One minute I’m attending a report of a serious road accident and the next I’m sitting down with a neighbourhood group discussing the community in general and addressing their concerns over a cup of tea. Rather than be frustrated at the topsy-turvy nature of the job, you can’t help but love it. A 10 hour shift on a Saturday night may sound like a long working day but it all too often flies by in the blink of an eye and I find myself working frantically to the last minute trying to get everything done.
Talking about local issues over a cup of tea
I have worked in many facets of the Police during my service and have enjoyed them all, but my most recent post as Community Police Officer for Kinross is easily one of the most rewarding to date. The face to face interaction with the community, visiting the high school and chatting to students and dealing directly with quality of life issues for residents in my area provide an enormous amount of satisfaction.
I work a mixture of early shifts and late shifts, all of which usually start with well intentioned plans for the day ahead, usually starting with checking e-mails, having a look at the incidents in my area while I’ve been off duty and responding to Twitter and MyPolice messages addressed for my attention. Often I will attend meetings for Community Councils, or meetings with partner agencies at the High School. I may be asked to give a talk to a school group, activity group or a community group. Ideally I will have time to walk in my area, talk to local businesses and chat to members of the public to find out what issues they’ve been having. I may have follow up enquiries from previous incidents to attend to or attending calls which have been left for my attention. Of course all of these things come secondary if, and when something serious happens and the well intentioned plans are put to the side and it’s all hands to the proverbial pump.
Life as a Police Officer is not without its challenges, but the return is a tremendously varied and rewarding career which I wouldn’t change for anything.”
February 11th, 2011 § § permalink
This week the Chief Constable of Tayside was interviewed by one of Scotland’s largest tabloids; The Daily Record. We met Justine last year and demonstrated our software to pitch a collaborative pilot with the force.
Chief Constable Justine Curran
It is been a pleasant surprise to meet so many locals who genuinely feel the police do a great job ! Articles such as this are a fantastic way to reveal the police are human too! Justine talks in the article about being female in the policing world and we can definitely relate to that!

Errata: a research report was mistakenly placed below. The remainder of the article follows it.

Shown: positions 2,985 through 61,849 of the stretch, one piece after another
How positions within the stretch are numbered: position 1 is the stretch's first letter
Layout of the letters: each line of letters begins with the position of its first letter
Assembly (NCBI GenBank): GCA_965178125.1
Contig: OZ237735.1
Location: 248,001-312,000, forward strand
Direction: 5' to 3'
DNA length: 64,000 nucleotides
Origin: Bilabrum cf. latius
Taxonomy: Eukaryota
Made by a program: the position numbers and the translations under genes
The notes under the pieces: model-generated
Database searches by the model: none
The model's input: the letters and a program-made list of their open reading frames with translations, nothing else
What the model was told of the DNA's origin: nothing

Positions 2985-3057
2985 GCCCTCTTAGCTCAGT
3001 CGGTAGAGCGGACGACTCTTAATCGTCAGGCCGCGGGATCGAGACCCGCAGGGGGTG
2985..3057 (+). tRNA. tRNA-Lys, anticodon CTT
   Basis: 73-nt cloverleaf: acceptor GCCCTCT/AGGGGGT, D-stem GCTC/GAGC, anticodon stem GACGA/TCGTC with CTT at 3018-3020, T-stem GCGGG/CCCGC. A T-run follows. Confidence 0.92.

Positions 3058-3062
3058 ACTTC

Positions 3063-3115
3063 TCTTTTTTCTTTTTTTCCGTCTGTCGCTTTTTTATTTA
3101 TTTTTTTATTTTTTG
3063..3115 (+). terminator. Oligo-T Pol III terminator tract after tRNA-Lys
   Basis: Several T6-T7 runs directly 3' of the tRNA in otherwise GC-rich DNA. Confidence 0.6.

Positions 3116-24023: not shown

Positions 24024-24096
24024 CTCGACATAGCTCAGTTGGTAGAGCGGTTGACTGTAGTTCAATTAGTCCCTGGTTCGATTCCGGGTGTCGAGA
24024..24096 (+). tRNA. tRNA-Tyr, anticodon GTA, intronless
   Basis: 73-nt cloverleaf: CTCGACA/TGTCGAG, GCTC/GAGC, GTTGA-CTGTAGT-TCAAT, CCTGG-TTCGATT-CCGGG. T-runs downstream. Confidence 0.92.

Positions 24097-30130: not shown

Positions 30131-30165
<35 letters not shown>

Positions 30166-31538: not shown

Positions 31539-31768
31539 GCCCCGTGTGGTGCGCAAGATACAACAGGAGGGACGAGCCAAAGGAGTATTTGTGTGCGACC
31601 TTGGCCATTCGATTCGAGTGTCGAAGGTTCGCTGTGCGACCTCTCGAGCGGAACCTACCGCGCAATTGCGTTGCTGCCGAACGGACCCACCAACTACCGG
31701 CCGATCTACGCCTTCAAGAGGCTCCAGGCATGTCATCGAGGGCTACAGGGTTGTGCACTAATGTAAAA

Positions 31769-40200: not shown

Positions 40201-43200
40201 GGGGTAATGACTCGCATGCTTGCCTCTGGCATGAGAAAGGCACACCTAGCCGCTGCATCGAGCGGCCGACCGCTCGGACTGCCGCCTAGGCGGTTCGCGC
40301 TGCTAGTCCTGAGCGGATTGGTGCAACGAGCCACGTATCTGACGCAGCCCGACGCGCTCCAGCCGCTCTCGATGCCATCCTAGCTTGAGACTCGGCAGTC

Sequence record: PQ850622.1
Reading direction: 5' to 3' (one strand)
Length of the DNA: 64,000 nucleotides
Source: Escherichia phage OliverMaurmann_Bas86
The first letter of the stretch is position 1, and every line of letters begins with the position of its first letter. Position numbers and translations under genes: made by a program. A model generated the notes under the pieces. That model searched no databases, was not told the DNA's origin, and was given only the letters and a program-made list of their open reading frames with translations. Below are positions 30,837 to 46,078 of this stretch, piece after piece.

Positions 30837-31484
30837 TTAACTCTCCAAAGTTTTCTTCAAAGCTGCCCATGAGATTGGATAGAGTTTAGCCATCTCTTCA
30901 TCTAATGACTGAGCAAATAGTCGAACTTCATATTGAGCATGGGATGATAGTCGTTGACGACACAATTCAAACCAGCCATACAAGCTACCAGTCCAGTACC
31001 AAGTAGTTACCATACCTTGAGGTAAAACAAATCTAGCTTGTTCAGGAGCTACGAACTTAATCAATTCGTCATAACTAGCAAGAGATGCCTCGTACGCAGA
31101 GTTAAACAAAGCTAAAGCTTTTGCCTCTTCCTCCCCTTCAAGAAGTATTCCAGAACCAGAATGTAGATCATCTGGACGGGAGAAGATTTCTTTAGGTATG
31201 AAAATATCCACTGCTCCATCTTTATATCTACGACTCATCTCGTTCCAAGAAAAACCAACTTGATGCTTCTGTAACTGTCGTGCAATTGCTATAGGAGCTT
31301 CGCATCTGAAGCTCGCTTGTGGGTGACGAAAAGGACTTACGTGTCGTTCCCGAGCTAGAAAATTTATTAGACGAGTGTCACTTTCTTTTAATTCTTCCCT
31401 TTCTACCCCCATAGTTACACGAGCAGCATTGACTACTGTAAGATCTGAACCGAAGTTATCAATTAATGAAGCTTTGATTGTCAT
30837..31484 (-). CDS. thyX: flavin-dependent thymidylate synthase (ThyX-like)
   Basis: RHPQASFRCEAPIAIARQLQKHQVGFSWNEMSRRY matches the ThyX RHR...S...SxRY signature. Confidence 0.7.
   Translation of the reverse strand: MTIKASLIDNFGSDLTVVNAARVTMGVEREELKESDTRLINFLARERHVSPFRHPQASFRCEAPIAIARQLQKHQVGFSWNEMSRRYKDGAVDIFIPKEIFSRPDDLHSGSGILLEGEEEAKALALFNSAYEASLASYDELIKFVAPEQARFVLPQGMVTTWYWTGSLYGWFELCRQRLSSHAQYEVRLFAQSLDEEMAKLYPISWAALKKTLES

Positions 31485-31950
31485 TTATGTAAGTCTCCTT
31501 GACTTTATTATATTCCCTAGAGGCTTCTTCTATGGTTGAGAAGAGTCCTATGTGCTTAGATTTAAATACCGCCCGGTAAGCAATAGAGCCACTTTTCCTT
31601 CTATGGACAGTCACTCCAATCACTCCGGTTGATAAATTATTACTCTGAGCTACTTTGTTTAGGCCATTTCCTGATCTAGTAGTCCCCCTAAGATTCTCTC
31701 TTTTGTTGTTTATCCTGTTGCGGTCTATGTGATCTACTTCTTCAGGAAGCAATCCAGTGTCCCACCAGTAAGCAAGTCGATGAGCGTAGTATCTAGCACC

“Women expect too much of themselves. They are always feeling guilty, whether it’s about work or their kids. If they can just do their best, then that’s amazing!”
Justine is blowing a breath of fresh air through the force with her attitudes to women being able to combine their careers with family life. Justine was very positive about MyPolice when we first showed her our product – despite not being online herself she certainly sees the value it will bring to the force.
“The important thing is that the people of Scotland think about what they would really like to see. People understand what matters locally and what they need in their area. We need to save money but we need to get that balance right. It is not a great time for any of us but the issue is how to get the best for the people of Scotland”
“I think community policing is the jewel in our crown and I think here in Tayside we do it very well. This could be a huge opportunity if we go about it very carefully.”
February 8th, 2011 § § permalink
We went from Glasgow to Kinross to Milnathort to Auchterarder and back to Glasgow. Another full, rewarding and exhausting day putting the site into action.
Local post office sporting our poster
Our second impressions of this part of our pilot area? When we meet people who have never had an interaction with the police they immediately think they have nothing to say. When we explain more about MyPolice it is always the case that everyone does have things they feel strongly about in their local area but they would never bother to pick up the phone or tell the police. They don’t think their opinion is important enough.
Also, we noticed that when first ask the question about interacting with the police many people associate it with negativity and respond with things like ‘I’ve never been in trouble before’, only after further explanation do they open up to all the positive interactions they have had such as getting their bike stolen or being in a car accident when the police were there providing a good service.
It’s really clear from all the conversations we have had that if someone has had a really poor experience with the police and they don’t have a channel to feed that experience back it’s not that they don’t like the police – they just loose faith in the service.
The team on the road once again!
The most inspiring thing about this trip was the local knowledge we uncovered. In a matter of minutes people open up and tell you real details about where trouble happens and who is causing it. It is undeniable there is sometimes a sense of reluctance from people when it comes to sharing their email address – this has really pushed our thinking around having two routes into MyPolice; one for direct feedback and one to simply say what you think.
Oh, and of the forty people we spoke to – none of them were on twitter.